Dreams TV Lineup Takes Aim at the Smartphone

WHY THIS MATTERS: Dreams increases its chance of success by focusing on a vertical viewing format.

With an eye fixed on on-the-go video viewing, a New York-based startup called Dreams has moved ahead with the commercial launch of a linear-style TV offering that optimizes its content for vertical smartphone screens.

Following an extended trial of the concept last year, Dreams last week launched a new, expanded channel lineup that features fare from key partners such as Discovery, Bloomberg Media Distribution and BBC. To help fund those efforts, Dreams has also locked down a $5 million Series A round of funding led by Capital Ventures.

The new, free Dreams app is initially available on iOS and Android devices and doesn’t require users to log in or register to gain access.

Dreams, founded in 2016, focuses on a vertical picture format and a swipe-based interface, looking to take advantage of a growing trend toward mobile viewing. In its Global Video Index for Q4 2017, online video publisher Ooyala found that 60.3% of all video plays were mobile, up from a previous high of 58.3% in the preceding quarter.

Last week, Dreams introduced smartphone-focused channels featuring shows and other content from Animal Planet (River Monsters, Too Cute! and Puppy Bowl); Bloomberg; Discovery Channel (Survivorman, Storm Chasers and Dual Survival); Food Network (Good Eats, Iron Chef America and Throwdown With Bobby Flay); Geo (long-form nature and animal documentaries licensed from BBC Studios); HGTV (My First Place, Extreme Homes and Tiny House Hunters); Newsflash (live news feeds); Slow (“minimalist,” soothing shots of landscapes, streams and rainfall); and VHS (full episodes from TV shows from the ’80s and ’90s, including The Joy of Painting, Inspector Gadget, Where on Earth is Carmen Sandiego and Sonic the Hedgehog).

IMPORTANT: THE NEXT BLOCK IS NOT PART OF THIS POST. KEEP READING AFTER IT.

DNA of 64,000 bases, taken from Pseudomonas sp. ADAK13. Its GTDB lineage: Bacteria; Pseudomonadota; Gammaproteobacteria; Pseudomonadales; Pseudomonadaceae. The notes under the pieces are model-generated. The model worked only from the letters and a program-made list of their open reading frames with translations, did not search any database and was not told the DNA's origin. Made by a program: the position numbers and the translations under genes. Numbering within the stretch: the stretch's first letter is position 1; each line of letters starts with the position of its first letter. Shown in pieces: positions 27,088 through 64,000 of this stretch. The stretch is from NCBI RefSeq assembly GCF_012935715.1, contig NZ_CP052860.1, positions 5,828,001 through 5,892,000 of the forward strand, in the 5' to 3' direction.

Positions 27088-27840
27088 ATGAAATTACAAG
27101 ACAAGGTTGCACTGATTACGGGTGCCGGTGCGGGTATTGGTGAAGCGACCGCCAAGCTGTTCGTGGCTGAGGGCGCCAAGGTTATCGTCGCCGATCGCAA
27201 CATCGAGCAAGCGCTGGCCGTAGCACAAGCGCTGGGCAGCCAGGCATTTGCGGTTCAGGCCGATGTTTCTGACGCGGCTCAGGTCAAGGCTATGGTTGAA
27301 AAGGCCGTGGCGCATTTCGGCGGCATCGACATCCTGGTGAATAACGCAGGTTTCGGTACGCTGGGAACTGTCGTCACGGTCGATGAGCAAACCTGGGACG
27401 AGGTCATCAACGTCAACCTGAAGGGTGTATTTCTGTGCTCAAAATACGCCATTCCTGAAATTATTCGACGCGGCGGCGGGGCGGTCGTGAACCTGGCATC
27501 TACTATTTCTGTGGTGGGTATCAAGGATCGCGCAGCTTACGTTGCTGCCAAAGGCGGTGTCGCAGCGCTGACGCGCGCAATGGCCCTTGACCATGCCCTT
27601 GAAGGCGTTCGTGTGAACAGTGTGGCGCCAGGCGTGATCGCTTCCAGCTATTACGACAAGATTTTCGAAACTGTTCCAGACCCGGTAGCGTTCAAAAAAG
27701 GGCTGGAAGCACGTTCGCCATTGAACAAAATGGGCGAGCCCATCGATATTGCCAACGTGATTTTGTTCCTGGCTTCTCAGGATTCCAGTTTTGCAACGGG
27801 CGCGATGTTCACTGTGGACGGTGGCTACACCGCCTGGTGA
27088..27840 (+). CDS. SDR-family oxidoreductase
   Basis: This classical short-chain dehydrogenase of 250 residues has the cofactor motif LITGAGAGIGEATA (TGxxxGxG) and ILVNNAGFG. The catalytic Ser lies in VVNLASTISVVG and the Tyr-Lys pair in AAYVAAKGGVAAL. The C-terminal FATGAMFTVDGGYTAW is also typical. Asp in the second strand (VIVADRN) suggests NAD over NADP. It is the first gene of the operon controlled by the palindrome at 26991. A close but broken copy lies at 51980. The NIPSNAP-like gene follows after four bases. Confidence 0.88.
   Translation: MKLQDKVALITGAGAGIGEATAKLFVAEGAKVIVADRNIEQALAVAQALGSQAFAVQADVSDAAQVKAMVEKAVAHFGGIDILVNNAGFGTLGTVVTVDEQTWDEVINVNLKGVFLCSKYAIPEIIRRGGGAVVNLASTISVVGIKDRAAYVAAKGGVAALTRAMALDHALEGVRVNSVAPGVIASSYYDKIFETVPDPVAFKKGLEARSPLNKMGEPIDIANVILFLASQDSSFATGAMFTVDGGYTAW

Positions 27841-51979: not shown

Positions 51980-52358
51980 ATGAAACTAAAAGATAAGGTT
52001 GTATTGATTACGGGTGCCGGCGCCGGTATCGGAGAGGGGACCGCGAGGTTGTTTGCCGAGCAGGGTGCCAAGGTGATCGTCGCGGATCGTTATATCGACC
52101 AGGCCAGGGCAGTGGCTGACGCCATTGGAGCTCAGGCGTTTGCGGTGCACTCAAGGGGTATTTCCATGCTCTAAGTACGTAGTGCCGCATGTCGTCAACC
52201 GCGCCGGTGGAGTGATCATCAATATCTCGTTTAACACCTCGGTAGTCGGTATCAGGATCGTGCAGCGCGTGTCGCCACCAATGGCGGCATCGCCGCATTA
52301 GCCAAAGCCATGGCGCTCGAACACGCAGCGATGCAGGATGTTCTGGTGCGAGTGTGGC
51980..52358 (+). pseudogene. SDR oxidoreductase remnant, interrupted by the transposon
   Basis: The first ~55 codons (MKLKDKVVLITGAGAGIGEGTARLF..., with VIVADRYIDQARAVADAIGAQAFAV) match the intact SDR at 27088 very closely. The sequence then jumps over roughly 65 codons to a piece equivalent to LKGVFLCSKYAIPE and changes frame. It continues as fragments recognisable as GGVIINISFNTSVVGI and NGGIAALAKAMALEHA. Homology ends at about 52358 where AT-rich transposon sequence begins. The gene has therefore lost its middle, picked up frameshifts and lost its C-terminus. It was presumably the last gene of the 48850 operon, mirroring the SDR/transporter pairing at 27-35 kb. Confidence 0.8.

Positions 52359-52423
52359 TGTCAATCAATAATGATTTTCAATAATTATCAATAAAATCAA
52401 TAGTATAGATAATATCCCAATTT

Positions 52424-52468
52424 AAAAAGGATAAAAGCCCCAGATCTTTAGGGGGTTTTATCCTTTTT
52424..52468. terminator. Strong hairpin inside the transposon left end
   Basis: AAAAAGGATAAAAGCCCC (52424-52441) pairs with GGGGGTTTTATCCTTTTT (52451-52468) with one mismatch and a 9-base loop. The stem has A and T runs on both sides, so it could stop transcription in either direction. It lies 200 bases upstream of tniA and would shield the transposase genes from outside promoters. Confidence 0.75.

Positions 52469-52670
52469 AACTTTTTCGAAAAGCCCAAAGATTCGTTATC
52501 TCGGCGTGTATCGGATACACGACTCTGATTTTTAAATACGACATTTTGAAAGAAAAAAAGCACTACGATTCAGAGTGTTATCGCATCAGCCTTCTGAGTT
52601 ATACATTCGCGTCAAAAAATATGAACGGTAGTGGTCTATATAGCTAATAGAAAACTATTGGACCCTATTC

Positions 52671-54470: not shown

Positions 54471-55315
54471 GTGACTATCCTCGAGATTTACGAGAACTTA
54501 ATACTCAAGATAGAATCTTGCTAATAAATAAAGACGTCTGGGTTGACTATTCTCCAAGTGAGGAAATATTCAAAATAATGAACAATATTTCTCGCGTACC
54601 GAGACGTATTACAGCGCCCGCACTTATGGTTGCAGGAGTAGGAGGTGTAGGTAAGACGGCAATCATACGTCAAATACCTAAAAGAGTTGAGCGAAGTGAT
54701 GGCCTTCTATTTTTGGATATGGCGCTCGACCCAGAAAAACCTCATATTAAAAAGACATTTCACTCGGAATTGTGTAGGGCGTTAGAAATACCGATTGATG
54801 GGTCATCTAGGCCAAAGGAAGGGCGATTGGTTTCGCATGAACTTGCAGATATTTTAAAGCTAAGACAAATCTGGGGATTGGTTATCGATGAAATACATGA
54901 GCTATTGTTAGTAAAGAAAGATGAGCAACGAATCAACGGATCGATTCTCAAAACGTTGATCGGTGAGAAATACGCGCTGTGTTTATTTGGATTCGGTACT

Also on the slate was Wedding Week, a “pop-up” channel featuring a live stream of the May 19 royal wedding of Prince Harry and Meghan Markle, as well as a long-form documentary on the subject. Dreams expects to offer other types of temporary, pop-up channels to its lineup on an ongoing basis to deliver other forms of live events.

For most of its channels, Dreams programs one full episode per day. When a user accesses a channel that features a library show, they begin to view that episode from the beginning, as with a video-on-demand asset. News channels on Dreams will be more akin to live, linear channels.

Tailored to Phones

What Dreams has tried to steer clear of is the notion of pasting a traditional skinny TV into a smartphone format.

“The idea of [adding] instant-on, mobile TV to your phone with swipeable channels in a simple app has always been our goal,” Tom Bender, CEO and co-founder of Dreams, said in an interview.

Bender, formerly of Google and a team focused on new ad formats at DoubleClick, added that Dreams in the past year has been investing R&D dollars to build up technology that delivers content optimized for the smartphone’s vertical screen.

Dreams will be pursuing an ad-based business model (its trial last year was offered without the advertising component turned on). Shows for its platform have been edited for the vertical screen, as have the ads that will be dynamically served into those linear-style feeds.

“We see this [service] as a complement to paid services like Netflix,” added Dreams co-founder Greg Hochmuth, a former Instagram and Google executive.

Dreams’ Series A round also included participation by NEA, SV Angel, Box Group, entrepreneur Scott Belsky and pro basketball star Kevin Durant.